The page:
(Imagine here the Gary Larson cartoon titled Andrew is hesitant, remembering his fiasco with the car of straw, showing a car salesman trying to get Andrew to sign for the car of sticks.)
Over the years, I've seen many proposals for better ways to do programming. They all sounded great to me at first. Structured programming, abstract data types, waterfall life cycle, spiral model, rapid prototyping, formal inspections, test then code, 2167a, structured analysis & design, CASE tools, cleanroom, object oriented programming: when I read about each one, I was sold. At last, a method that would eliminate bugs! I'd read further, talk over the new method with my colleagues, and try to apply it to whatever the current project was.
What worked? It's hard to separate the effect of new techniques from the effects of increasing experience, extra attention because we were using new methods, and differences between projects and people. Every new idea helped; none was magic.
What didn't work? This is hard to say too. For example, the CASE tools were late, buggy, capacity limited, and slow. They helped, but not as much as we'd hoped, and their costs and drawbacks were more than we'd anticipated. Almost all the new methods were invented by great programmers, who used their methods to do great work. When others tried the same methods, their results were less spectacular. Every method had its disappointments.
What have I learned so far?
People and programs are different. No method works for everybody or every program.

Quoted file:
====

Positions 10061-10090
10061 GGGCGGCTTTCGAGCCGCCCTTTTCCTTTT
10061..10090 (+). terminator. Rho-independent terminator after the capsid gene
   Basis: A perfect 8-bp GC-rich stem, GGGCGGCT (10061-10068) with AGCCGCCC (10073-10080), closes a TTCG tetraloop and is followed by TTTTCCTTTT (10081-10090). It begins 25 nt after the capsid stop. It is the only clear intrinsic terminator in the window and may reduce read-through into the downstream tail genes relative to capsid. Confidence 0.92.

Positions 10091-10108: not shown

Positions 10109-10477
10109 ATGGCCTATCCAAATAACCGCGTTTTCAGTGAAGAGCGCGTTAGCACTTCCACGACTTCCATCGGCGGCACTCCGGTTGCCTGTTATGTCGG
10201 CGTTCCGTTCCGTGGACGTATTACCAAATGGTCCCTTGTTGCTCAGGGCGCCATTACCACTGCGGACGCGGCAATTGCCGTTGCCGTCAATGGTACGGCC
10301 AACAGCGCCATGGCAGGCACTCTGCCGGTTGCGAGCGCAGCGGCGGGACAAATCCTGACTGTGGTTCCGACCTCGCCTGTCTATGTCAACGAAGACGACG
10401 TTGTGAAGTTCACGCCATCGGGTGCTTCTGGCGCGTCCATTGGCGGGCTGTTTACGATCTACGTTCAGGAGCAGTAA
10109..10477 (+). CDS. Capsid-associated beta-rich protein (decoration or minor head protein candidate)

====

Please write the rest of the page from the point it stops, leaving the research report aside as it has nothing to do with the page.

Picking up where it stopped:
You can produce bad code with any method. To produce good code, you still have to work hard; no method substitutes for intelligence and focused attention.
After-the-fact methods aren't enough. Testing and inspections try to catch bugs soon after introduction. That is, the model is that the programmer puts a bug in, gets caught, and takes it out. All of these steps are waste motion not shipped to the customer; and often bugs leak through. Non-trivial programs have so many states and possible behaviors that no practical amount of testing will give confidence that a program is bug-free. Not putting the bug in in the first place is the least expensive way to ship a bug-free program.
Design methods and reviews aren't enough. These approaches try to stop bugs by specifying more before programming begins. Abstract data types and object oriented programming also operate before coding starts to improve the eventual quality of code. But when we get down to writing code, bugs still get into the product. Since bugs are introduced during programming, we should change the way we program.
Tools, languages, and reuse aren't enough. If you do any of these wrong, you can destroy quality, but we've tried all of these long enough to know that they don't create quality.
It is possible to write perfect, bug-free code. I've seen it done, with no tool except a pencil. The essential ingredient is a decision, by the individual programmer, to make the code perfect, and not to release it until it is perfect.
Suppose we asked every programmer, "For this project, how will you make your program perfect?" If one plans to use tool X or method Y, fine, we don't argue. If another claims to be so smart he or she can do it just by being very careful, fine. The only unacceptable answer is refusing to attempt bug-free code.
(One thing we might try is "dual programming." By this I mean that two programmers work together on a single program, and write every line together. This worked for me and a colleague, in the sixties. We should evaluate the costs and benefits systematically, by trying it. Extreme programming suggests this practice.)
As code is produced, we still inspect and test it. If we find bugs, we don't punish mistakes, we learn from them. So if being very careful isn't enough for some programmer, then that person seeks additional tools, techniques, buddies, or whatever is necessary. Inspection and testing become verification that our process is working and evolving in the right direction, instead of bug removal refinery processes.
Copyright (c) 1995, 2000 by Tom Van Vleck